Six studies examined US in the setting of renal, biliary, or venous pathology [35,36,37,38,39,40]. The use of US to evaluate acute flank pain had mixed findings. One study suggested no efficiency gains with US use due to high-numbers of subsequent CT orders, and another found that using US as the initial radiology modality decreases costs and radiation exposure despite a 20% subsequent use of CT to further evaluate patients [39, 40]. Two studies assessed the evaluation of biliary pathology. One study showed that in the evaluation of right-upper quadrant pain, initial POCUS by ED providers followed by radiology department scans if needed was the most cost-effective approach, and a second study described large costs associated with additional imaging after ED POCUS significant for acute cholecystitis [35, 37]. In the evaluation of venous thromboembolism, protocols using clinical screening tools, D-dimer testing, and US to decrease CT usage were the most cost-effective [36, 38].

Evaluation of OB/GYN pathology

Three studies assessed US in the evaluation of emergency OB/GYN complaints [41,42,43]. One study showed that an initial approach of transvaginal instead of transabdominal US is cost-saving in all patients other than those in the second or third trimester of pregnancy [41]. Another study described benefits and drawbacks of POCUS as the initial test in a rule-out ectopic pregnancy scenario showing higher rates of detection of ectopic pregnancy at the first visit, but with an overall increase in number of US studies performed and the potential of other missed pathology [42]. Finally, a third study found that at high-volume sites 24 h a day US coverage to assess for OB/GYN pathology can avert admissions [43].

Echocardiography

Four studies assessed echocardiography in the emergency care setting [44,45,46,47]. Three of the studies focused on decreasing hospitalization using US to provide earlier risk-stratification of patients with acute chest pain or acute cardiac issues [44, 45, 47]. One study assessed the cost-effectiveness of a variety of emergency department modalities to evaluate syncope in older patients, finding that CT head and echocardiography where among the most expensive and least revealing tests that are commonly ordered [46].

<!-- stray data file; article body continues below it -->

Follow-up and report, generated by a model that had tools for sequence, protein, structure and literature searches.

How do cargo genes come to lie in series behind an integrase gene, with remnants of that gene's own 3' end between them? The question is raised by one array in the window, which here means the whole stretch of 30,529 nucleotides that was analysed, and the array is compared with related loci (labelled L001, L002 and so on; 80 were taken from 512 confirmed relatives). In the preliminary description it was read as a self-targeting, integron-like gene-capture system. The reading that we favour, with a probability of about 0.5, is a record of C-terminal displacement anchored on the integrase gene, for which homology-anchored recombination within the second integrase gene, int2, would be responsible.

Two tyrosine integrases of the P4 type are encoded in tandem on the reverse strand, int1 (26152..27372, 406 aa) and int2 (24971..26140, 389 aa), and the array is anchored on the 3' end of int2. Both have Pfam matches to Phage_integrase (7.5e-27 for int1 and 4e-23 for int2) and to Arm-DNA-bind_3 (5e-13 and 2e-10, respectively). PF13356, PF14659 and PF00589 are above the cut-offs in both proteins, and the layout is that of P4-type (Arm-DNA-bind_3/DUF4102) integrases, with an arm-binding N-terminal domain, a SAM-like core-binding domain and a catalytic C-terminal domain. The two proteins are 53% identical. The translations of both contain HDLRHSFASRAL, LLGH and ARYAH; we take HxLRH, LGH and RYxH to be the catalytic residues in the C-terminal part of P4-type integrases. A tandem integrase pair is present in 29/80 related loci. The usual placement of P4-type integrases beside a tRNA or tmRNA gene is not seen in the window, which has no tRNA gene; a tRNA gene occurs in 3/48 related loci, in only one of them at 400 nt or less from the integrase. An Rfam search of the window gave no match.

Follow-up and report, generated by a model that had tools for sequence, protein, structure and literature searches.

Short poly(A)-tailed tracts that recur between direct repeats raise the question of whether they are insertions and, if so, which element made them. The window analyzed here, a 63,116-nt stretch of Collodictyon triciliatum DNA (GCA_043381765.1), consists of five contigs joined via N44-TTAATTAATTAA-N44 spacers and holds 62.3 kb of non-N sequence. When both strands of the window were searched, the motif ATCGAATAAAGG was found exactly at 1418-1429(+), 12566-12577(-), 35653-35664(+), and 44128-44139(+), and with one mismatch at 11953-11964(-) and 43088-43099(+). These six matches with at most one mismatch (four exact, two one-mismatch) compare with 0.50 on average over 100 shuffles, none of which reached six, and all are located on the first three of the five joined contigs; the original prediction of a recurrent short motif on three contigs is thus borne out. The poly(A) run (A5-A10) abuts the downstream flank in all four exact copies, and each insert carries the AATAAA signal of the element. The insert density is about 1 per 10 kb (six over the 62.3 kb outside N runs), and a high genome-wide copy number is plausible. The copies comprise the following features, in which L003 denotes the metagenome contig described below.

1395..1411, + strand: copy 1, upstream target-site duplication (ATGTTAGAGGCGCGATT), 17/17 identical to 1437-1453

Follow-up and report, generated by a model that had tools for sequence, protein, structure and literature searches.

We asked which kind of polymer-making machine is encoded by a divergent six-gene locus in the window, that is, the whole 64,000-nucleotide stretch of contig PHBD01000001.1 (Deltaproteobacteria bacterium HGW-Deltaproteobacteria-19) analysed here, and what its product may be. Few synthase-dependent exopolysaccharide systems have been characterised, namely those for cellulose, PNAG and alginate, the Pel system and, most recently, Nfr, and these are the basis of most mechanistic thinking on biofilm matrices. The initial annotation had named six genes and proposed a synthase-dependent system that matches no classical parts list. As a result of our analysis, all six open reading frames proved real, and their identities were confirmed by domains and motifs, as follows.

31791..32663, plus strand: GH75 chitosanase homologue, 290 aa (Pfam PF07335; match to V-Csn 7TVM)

Miscellaneous studies

Finally, we identified a collection of studies evaluating the downstream impact of emergency US on resource utilization [48,49,50,51,52]. One study found that patients who had POCUS as opposed to radiology scans were at increased risk of having further confirmatory studies ordered compared to those who had the initial US done by radiology [50]. Another small observational study of POCUS in the ED produced a contrary finding, noting that a bedside US performed by an emergency physician could lead to decreased testing afterwards [52].

Quality assessment of included studies

While we tailored our search criteria to identify formal attempts at CEA, considerable variability remained in the quality of the economic evaluations conducted in the studies we identified. Most studies received about half the possible points on the CHEERS checklist. Inadequacy in the performance or the reporting of study perspectives, preference-based health outcomes (patient-reported preferences for different health states used to calculate metrics such as quality-adjusted life-years), modeling assumptions, transparency of costs, characterization of uncertainty, and incremental cost-effectiveness ratios contributed to the majority of downgrading. For example, only nine of the 35 studies presented any characterization of the uncertainty surrounding their cost-effectiveness results, only seven presented an incremental cost-effectiveness ratio, and only 11 explicitly stated the economic perspective from which they were calculating costs.

Discussion

To our knowledge, this is the first systematic review to broadly evaluate the cost-effectiveness of US in the emergency care setting across all applications, including both radiology-performed and POCUS exams. The body of literature identified through this systematic review is fairly consistent in supporting the increased cost-effectiveness of integrating US in emergency care settings across a variety of applications. Healthcare systems have begun to focus on value-based approaches throughout the hospital including the ED [53], and the demonstration of cost-effectiveness of US has the potential to lead to an expansion of its role in ED patient care.

Of the studies identified in this systematic review, those pertaining to the cost-effectiveness of US in the ED evaluation for pediatric appendicitis were the most plentiful and consistent in demonstration of cost-effectiveness gains, particularly when used in conjunction with clinical decision rules [18,19,20,21,22,23,24,25,26,27,28]. Three of the studies identified in this review were amongst the most rigorous we identified using CHEERS methodology [20, 23, 26]. When combined with the decreased radiation exposure of this approach, these studies add to the case for the widespread adoption of an US first approach in the ED evaluation of pediatric appendicitis.